Flying Fish in Alaska

What’s this airplane got to do with Arnold setting a world record? Nothing — it was just another distraction along the way.

C-119 with Charlie

C-119 for flying fish in Alaska, shown next to Charlie
Arnold Ebneter personal collection

In the late seventies, Arnold developed the detailed drawings he needed for building the parts for his record setter and assembling them, and he bought a used 75-horsepower Continental engine from a mechanic at Harvey Field. He brought the engine home and stashed it next to the barrels and bins of his ever-growing collection of Boeing Surplus parts.

In the spring of 1979, a pilot from Harvey Field, Steve Knopp, asked Arnold to help him retrieve a Convair 240 cargo airplane from Tucson. Knopp planned to use the airplane to ferry fish in Alaska – fishing boats dropped their loads of salmon at docks in King Salmon, and the fish had to get to Kenai to be processed. It was a short flying season, but there was no shortage of airplanes or pilots for the job – many pilots jumped at the opportunity to gain experience in challenging weather conditions.

The Convair has no instruments for flying in the clouds and only a hand-hand radio for talking to controllers on the ground, so Arnold and Knopp had to fly the trip under “visual flight rules,” which meant that the visibility had to be at least three miles and the clouds at least 1,000 feet above the ground. Given the mountainous terrain along much of the route, they wanted the clouds and visibility to be much higher than those minimums. The first part of the trip from Tucson to Seattle was uneventful – a short hop to Litchfield Park, near Phoenix, where Colleen and the girls had stayed while he was in Vietnam.

However, the next morning, they ran into low clouds and had to return to Litchfield Park. Better weather greeted them the next day, but when they arrived in California, the clouds dropped lower and the visibility again deteriorated. Checking their charts, the pilots decided they could make it across the mountains to Bakersfield by following the interstate highway through Cajon Pass. Crawling at 500 feet above the ground with cliffs on both sides, they were low enough to pass a helicopter, whose pilot must surely have been startled to see such a large airplane next to him.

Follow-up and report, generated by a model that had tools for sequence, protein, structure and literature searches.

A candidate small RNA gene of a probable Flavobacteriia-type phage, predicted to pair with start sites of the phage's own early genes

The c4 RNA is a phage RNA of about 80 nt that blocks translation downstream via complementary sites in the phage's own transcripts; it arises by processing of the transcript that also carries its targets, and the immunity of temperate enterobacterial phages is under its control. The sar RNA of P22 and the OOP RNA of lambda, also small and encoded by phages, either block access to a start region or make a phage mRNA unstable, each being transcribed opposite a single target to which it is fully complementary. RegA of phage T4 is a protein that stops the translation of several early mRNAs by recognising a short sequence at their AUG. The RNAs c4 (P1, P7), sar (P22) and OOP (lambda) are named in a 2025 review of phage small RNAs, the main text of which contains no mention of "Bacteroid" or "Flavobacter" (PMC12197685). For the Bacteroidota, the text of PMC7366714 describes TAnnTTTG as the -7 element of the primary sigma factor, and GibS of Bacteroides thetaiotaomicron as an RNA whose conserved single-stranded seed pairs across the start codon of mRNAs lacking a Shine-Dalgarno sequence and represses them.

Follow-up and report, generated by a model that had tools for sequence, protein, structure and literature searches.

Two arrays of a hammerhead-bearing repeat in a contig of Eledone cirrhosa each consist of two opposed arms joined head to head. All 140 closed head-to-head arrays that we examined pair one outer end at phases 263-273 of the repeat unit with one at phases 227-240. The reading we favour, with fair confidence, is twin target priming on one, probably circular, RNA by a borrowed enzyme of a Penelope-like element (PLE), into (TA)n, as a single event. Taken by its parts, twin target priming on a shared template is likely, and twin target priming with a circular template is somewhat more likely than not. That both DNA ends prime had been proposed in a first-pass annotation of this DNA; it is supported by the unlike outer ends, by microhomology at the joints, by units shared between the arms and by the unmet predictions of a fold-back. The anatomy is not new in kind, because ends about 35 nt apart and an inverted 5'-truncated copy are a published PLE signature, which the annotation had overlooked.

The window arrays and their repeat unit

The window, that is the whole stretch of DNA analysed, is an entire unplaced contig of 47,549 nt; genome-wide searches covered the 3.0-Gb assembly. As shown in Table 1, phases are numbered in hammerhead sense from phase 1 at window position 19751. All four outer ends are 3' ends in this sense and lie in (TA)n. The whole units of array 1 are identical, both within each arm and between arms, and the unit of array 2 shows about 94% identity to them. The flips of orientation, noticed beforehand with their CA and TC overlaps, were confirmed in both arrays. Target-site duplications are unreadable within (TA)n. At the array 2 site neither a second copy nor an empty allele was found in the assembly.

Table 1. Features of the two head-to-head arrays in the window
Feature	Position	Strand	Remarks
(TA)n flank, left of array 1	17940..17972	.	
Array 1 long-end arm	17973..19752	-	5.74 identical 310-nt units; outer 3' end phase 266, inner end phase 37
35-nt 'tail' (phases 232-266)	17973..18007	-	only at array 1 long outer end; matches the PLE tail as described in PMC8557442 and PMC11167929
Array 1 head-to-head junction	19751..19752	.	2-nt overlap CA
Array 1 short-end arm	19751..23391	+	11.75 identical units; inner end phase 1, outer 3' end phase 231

After fuel and lunch in Bakersfield, the irate airport manager demanded they clean up the mess they had made – the Convair had leaked oil on the parking ramp during their short stay. Oil spill mopped and manager happy again, they flew to Redding, again following the interstate through the mountains. The following day, three days after they left Tucson, they delivered the airplane to Knopp’s base at the Arlington airport, about 10 miles north of Harvey Airfield.

However, instead of flying fish that summer, Arnold learned to fly helicopters. A flight school was conveniently located at Boeing Field, and he still had some of his GI Bill benefits. He finished the helicopter rating in October and added a helicopter instructor rating a few months later.

But the next summer, a mechanic at Harvey Field decided to get in on the Alaska action, and he pulled a C-119 cargo airplane from the “airplane boneyard” at Davis-Monthan Air Force base by Tucson. This airplane was much better equipped than the Convair, with a full instrument panel, and could fly in the clouds or fog at altitudes as low as 200 feet for takeoff and landing. This time, helicopter ratings in hand, Arnold jumped at the chance to fly in Alaska. However, no one had mentioned that part of his job was to load the 22,000 pounds of fish onto the C-119 for each cargo run. The fish were in square aluminum boxes, each weighing 2,000 pounds, but he and his young co-pilot soon got the hang of pushing the load onto the airplane and tying the containers down. It was worth the effort – in addition to the stupendous scenery that dwarfed anything in Washington State, Arnold marveled at the poor weather conditions that Alaskan pilots battled every day. Nearly all the flying was in instrument conditions, and his young co-pilot, with only seven hours in multi-engine airplanes before he set foot in Alaska, reveled in the experience.

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